Labour appoints Patrick Hennessy as deputy director of communications

The party says the Sunday Telegraph's political editor will "sharpen Labour’s attack stories, improve message discipline and ensure the party delivers a 24-hour news cycle."

Just in time for its conference, Labour has announced the appointment of the Sunday Telegraph's political editor Patrick Hennessy as its deputy director of communications.

The latest addition to Team Miliband, will work alongside director of communications Bob Roberts, the former political editor of the Daily Mirror.

The party said: "In his new role, Patrick will direct, shape and lead the daily media output of the Labour Party. He will sharpen Labour’s attack stories, improve message discipline and ensure the party delivers a 24-hour news cycle."

Ed Miliband said: "I am delighted to welcome Paddy to the Labour Party as our new Deputy Director of Communications. His experience working at a range of national newspapers will add significant expertise to the Labour Party’s communications team. I’m looking forward to working with him."

Hennessy said: "I am sad to be leaving the Sunday Telegraph after nine great years but this is an exciting new challenge. After nearly 30 years working in newspapers, it's a big move but a simple task: to help Labour win the general election. I’m delighted to be joining."

Ed Miliband speaks at the TUC conference at the Bournemouth International Centre on September 10, 2013. Photograph: Getty Images.

George Eaton is political editor of the New Statesman.

Photo: Getty Images/Christopher Furlong
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A dozen defeated parliamentary candidates back Caroline Flint for deputy

Supporters of all the leadership candidates have rallied around Caroline Flint's bid to be deputy leader.

Twelve former parliamentary candidates have backed Caroline Flint's bid to become deputy leader in an open letter to the New Statesman. Dubbing the Don Valley MP a "fantastic campaigner", they explain that why despite backing different candidates for the leadership, they "are united in supporting Caroline Flint to be Labour's next deputy leader", who they describe as a "brilliant communicator and creative policy maker".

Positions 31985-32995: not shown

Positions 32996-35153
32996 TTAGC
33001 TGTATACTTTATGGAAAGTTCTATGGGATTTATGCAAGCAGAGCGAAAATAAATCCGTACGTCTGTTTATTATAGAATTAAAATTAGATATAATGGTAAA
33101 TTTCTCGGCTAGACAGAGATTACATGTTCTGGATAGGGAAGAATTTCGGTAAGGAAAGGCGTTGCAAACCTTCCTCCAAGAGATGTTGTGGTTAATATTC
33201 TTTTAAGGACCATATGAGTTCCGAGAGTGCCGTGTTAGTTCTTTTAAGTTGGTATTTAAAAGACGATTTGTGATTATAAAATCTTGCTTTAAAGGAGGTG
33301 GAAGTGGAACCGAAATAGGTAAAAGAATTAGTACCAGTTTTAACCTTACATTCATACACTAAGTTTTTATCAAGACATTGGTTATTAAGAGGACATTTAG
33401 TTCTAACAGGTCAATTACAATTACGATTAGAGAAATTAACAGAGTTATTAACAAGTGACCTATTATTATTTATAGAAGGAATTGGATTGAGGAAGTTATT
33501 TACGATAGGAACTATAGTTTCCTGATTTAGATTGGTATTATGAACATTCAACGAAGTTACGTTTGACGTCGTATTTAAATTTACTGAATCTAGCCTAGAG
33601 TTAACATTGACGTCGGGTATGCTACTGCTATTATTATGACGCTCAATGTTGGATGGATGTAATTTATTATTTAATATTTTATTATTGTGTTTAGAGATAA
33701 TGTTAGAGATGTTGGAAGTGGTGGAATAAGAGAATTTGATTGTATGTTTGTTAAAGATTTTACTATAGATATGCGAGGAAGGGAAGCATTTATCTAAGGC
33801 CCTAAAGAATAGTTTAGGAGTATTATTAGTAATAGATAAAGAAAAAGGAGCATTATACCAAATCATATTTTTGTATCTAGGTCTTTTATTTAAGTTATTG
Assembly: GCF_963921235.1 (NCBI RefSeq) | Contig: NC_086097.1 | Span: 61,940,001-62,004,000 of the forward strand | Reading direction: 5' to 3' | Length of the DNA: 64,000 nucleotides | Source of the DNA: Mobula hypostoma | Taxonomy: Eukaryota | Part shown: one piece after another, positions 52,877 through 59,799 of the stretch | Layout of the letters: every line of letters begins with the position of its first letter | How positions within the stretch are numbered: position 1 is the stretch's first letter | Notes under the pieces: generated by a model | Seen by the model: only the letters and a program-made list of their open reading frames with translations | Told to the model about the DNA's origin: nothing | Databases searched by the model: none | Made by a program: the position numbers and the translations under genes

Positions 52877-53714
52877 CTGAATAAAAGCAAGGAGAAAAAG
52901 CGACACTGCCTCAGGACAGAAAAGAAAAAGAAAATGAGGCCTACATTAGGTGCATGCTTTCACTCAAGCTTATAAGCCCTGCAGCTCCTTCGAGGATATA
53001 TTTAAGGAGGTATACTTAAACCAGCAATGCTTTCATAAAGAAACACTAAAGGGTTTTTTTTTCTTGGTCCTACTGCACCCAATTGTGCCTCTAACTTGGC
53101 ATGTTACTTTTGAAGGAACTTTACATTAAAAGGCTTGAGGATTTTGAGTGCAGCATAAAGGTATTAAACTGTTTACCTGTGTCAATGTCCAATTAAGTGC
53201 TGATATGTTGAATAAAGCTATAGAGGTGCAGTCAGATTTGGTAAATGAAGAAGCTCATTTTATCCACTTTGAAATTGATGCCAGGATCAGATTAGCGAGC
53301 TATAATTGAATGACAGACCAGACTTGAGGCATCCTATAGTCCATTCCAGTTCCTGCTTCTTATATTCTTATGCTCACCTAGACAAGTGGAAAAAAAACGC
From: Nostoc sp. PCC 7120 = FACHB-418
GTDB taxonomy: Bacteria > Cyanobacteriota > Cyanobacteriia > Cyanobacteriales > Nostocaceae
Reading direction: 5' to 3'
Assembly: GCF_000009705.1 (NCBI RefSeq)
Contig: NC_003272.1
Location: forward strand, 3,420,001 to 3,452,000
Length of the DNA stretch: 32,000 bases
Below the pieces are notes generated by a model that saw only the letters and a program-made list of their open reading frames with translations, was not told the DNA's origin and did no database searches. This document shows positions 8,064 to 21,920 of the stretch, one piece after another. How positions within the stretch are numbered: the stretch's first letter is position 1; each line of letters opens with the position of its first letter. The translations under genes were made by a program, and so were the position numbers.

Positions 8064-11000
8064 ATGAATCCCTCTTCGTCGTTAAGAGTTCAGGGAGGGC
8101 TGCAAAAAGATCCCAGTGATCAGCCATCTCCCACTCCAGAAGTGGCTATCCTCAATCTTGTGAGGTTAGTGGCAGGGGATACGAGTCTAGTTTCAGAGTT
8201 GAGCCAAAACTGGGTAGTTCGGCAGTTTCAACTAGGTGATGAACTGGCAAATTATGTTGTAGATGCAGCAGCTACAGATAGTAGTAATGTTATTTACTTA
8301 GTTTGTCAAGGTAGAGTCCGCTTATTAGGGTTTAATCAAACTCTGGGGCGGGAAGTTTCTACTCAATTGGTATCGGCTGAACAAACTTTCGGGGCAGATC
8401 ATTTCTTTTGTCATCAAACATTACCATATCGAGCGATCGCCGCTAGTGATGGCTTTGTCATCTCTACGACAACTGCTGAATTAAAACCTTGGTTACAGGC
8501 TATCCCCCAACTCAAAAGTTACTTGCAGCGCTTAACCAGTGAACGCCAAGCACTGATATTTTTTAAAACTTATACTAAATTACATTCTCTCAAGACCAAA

Flint welcomed the endorsement, saying: "our candidates know better than most what it takes to win the sort of seats Labour must gain in order to win a general election, so I'm delighted to have their support.". She urged Labour to rebuild "not by lookin to the past, but by learning from the past", saying that "we must rediscover Labour's voice, especially in communities wher we do not have a Labour MP:".

The Flint campaign will hope that the endorsement provides a boost as the campaign enters its final days.

The full letter is below:

There is no route to Downing Street that does not run through the seats we fought for Labour at the General Election.

"We need a new leadership team that can win back Labour's lost voters.

Although we are backing different candidates to be Leader, we are united in supporting Caroline Flint to be Labour's next deputy leader.

Not only is Caroline a fantastic campaigner, who toured the country supporting Labour's candidates, she's also a brilliant communicator and creative policy maker, which is exactly what we need in our next deputy leader.

If Labour is to win the next election, it is vital that we pick a leadership team that doesn't just appeal to Labour Party members, but is capable of winning the General Election. Caroline Flint is our best hope of beating the Tories.

We urge Labour Party members and supporters to unite behind Caroline Flint and begin the process of rebuilding to win in 2020.

Jessica Asato (Norwich North), Will Straw (Rossendale and Darween), Nick Bent (Warrington South), Mike Le Surf (South Basildon and East Thurrock), Tris Osborne (Chatham and Aylesford), Victoria Groulef (Reading West), Jamie Hanley (Pudsey), Kevin McKeever (Northampton South), Joy Squires (Worcester), Paul Clark (Gillingham and Rainham), Patrick Hall (Bedford) and Mary Wimbury (Aberconwy)

Stephen Bush is editor of the Staggers, the New Statesman’s political blog.